Is it true?

“Is this book a true story?”

Yikes!  Why don’t you just strip off all my clothes and parade me through the mall on Christmas Eve?  A true story? What’s in my book? My NOVEL? Did these things happen to me? Do I honestly think that way?  Do I know someone as evil as the antagonist?

Gulp. It’s fiction. FICTION!

Oh, why am I shouting in print?  Not because I’m angry, but because I’m UNCOMFORTABLE. Want a fun sport? Ask any non-memoir author about the truth in their book just to see them squirm.

See, we writers are an odd mix of “hey, look at me!” and “I’m so private, I hide in my room all day writing down stuff I pretend only I will see.”  We want to be read, we long for our words to be understood and meaningful, but we also like hiding behind those words.

We fill our books with all sorts of truths, but call them fiction.  I’ve just completed an YA paranormal called DRAWN about an artist who channels a very hot ghost through her drawings.  This is, of course, a completely TRUE story.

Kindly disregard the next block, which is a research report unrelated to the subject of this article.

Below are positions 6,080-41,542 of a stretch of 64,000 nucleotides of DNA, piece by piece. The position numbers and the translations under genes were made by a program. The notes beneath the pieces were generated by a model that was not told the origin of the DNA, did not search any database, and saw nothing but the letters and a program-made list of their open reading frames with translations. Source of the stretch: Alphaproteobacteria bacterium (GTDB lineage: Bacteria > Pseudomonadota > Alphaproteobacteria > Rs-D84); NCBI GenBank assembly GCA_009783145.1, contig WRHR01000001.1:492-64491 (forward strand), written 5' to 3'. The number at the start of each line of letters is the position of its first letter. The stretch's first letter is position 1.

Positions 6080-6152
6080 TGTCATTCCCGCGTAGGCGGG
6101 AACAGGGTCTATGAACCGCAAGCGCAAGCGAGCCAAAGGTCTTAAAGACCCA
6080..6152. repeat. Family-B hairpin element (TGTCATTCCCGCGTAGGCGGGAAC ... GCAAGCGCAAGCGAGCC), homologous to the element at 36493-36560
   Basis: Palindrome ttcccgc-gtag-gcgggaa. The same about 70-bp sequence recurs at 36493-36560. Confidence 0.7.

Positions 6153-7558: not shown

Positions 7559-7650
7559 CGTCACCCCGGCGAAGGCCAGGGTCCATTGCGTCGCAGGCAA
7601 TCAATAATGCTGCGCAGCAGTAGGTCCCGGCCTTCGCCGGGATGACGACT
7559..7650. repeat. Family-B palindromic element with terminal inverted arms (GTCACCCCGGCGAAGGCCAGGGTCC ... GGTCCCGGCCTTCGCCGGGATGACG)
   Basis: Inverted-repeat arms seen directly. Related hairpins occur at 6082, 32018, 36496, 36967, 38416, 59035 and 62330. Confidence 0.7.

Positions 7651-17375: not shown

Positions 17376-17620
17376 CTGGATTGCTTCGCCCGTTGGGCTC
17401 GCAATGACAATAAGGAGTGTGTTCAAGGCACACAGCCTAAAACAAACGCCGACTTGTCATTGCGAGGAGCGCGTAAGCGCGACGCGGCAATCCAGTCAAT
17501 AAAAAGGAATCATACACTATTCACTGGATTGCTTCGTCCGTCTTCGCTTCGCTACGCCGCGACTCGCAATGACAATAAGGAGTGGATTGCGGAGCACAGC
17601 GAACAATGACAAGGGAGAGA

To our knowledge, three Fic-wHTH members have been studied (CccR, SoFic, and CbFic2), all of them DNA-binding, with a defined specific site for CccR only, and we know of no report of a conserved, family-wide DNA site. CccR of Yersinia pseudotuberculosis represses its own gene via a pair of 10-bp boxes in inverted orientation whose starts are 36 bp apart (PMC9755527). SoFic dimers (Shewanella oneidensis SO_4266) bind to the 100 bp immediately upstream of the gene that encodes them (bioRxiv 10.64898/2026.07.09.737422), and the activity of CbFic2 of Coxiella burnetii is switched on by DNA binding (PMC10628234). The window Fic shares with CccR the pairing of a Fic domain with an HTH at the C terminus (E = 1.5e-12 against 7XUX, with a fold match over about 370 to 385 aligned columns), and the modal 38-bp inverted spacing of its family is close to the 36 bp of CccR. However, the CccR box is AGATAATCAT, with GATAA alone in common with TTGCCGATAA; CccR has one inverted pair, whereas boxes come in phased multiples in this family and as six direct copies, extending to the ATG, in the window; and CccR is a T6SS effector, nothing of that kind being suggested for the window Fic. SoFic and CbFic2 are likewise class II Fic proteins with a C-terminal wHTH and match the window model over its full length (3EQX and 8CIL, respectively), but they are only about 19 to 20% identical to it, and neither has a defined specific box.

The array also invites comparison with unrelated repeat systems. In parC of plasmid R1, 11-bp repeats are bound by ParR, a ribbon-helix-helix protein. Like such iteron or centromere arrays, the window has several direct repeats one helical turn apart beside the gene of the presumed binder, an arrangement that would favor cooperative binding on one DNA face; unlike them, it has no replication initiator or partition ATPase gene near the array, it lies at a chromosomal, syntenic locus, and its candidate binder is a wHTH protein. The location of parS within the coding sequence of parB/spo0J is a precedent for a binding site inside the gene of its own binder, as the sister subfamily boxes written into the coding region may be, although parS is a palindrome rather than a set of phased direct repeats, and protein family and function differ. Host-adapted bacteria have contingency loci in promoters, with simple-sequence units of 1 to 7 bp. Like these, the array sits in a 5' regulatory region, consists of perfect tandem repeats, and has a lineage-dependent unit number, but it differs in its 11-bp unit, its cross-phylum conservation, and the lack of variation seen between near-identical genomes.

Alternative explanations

The real truth is (and, remember, this is coming from someone who belongs to the Liars Club) that if you read any book, you are, in fact entering the writer’s mind. You’ll hear her voice, you’ll understand her attitudes, you’ll glimpse bits and pieces of experiences and people she has encountered. But it’s a mash up. Cut and paste, mix and twirl, spin and zing.  We have tremendous fun with all this.

We expose ourselves. And our lives. But not really.

So is this book a true story?


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